Local Commentary

Editorial: Fairfax, You Are No Longer Suburbia

Barring a surprise development of some sort, the Fairfax County Planning Commission was expected last night to either table or recommend against a measure to allow for the construction of small “residential studio unit” dwellings, also known as “micro-units,” in the county. It is an unfortunate setback, but we hope only temporary.

The decision to kill the idea is wrong and immoral on a number of counts. The easiest to pinpoint is that it is another case of “Not in My Back Yard” (NIMBY) sentiment, especially coming from more well-heeled areas such as McLean and its influential citizens’ association. Fearful that small residential units will be an invitation to crime, or whatever, they don’t mind all the data which shows how an inventory of such units would make life affordable for many lower-income families.

Really, the only viable concern expressed has to do with perceived property values, and selfish, stingy county residents who have fought against this plan for so long (there have been over two dozen public meetings about this so far) are raising a plethora of “red herrings” to insist the issue lies elsewhere.

But here’s the reality: according to an article by Antonio Olivo in Monday’s Washington Post, both the Urban League and the Metropolitan Washington Council of Governments have found that 24,500 of all renters in Fairfax County pay more than half their monthly income on rent. Moreover, in the last school year 1,771 public school students in the county came from overcrowded living conditions, which officials say can impact a student’s capacity to develop an attention span for learning.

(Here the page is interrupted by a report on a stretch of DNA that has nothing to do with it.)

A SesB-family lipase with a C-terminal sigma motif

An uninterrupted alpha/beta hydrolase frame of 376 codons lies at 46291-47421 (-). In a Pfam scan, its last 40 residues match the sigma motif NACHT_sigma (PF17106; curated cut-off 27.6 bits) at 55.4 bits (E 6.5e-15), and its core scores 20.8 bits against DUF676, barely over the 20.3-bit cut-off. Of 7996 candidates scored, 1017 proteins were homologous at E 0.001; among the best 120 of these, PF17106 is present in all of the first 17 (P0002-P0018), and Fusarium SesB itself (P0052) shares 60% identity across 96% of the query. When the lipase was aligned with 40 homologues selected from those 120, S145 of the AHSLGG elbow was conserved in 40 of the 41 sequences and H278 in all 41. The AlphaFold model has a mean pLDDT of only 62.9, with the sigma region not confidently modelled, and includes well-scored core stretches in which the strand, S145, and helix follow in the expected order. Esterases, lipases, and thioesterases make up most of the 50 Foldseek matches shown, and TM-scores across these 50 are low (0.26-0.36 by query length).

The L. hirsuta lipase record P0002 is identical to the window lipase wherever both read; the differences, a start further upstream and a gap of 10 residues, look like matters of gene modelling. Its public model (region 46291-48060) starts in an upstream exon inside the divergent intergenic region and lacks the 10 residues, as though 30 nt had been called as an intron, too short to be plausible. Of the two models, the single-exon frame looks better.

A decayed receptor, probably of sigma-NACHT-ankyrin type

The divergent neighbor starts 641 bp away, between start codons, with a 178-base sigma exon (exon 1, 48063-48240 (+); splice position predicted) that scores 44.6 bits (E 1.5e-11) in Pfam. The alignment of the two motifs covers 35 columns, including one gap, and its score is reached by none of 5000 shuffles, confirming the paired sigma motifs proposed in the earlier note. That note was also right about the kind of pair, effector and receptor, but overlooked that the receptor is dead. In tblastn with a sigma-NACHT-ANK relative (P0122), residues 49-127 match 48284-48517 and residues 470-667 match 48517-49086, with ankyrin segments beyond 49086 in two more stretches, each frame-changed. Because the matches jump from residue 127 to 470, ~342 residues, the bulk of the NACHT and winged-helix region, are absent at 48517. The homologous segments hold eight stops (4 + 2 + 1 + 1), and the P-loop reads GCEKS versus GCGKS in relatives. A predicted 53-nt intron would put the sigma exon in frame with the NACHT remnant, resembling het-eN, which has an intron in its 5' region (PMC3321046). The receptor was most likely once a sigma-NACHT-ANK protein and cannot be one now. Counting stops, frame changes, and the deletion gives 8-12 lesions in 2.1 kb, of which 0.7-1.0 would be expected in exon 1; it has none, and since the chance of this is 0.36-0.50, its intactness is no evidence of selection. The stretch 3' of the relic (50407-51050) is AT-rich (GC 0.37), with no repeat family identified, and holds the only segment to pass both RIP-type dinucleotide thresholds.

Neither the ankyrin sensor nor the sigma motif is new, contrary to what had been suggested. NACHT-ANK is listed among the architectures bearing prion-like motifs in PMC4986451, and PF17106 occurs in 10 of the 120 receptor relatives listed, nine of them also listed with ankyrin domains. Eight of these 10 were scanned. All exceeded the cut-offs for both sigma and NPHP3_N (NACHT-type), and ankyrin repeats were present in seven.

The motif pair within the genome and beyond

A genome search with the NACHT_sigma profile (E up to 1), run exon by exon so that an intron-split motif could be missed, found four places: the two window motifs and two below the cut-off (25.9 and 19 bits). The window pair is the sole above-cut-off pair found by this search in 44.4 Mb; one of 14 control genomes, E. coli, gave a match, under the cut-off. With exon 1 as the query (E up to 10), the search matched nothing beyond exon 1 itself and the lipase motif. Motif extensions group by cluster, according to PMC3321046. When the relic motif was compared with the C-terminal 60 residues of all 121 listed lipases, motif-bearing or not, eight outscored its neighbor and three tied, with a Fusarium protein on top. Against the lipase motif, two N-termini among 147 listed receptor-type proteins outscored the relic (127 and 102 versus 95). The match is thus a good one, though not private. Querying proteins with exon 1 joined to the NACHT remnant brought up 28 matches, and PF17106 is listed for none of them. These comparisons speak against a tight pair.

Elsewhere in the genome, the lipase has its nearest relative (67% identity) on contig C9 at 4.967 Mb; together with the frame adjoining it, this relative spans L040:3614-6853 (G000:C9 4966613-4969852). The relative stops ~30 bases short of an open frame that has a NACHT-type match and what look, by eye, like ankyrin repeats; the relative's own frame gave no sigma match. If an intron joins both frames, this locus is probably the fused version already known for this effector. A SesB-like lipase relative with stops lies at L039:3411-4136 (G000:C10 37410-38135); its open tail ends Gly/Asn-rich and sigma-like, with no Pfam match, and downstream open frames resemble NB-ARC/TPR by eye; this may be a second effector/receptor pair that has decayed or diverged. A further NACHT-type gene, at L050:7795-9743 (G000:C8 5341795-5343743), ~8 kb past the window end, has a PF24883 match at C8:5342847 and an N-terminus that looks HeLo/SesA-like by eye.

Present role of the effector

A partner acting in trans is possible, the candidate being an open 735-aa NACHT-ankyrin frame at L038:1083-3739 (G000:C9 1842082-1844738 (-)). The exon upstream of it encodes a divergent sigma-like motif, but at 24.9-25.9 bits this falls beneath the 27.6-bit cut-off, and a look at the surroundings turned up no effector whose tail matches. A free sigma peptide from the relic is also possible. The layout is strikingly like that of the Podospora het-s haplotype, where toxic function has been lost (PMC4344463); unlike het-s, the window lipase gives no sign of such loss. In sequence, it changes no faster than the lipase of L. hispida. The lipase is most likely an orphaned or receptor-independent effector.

So, affordable housing needs are in the range of dire for one of the wealthiest jurisdictions in the entire U.S. But, oh no, not here, cry well-heeled county residents.

Still, there’s yet another reason why the county government is going to have to bring this issue back for reconsideration sooner rather than later. It’s the simple fact that, now with the opening of the Metro’s Silver Line last weekend to make the point, Fairfax County, especially the area around Tysons Corner, is no longer suburbia.

With the kind of commercial development there already, Tysons Corner is one of the largest “downtowns” in the entire U.S., and now the Silver Line will rapidly bring tons of new residential development, as well. Tysons Corner is the nation’s newest urban center, replete with all the needs and benefits of a major U.S. downtown.
Like it or not, McLean, this is happening in your backyard. Of course, you will enjoy the benefits of the way all this will keep your tax bills low.

One of the biggest needs of an urban commercial center is a workforce that can live in proximity to its jobs. If that is not provided, the quality of the labor force takes a nosedive and services suffer.

“Residential Studio Units” are the solution, and have been such for as long as big cities have been around..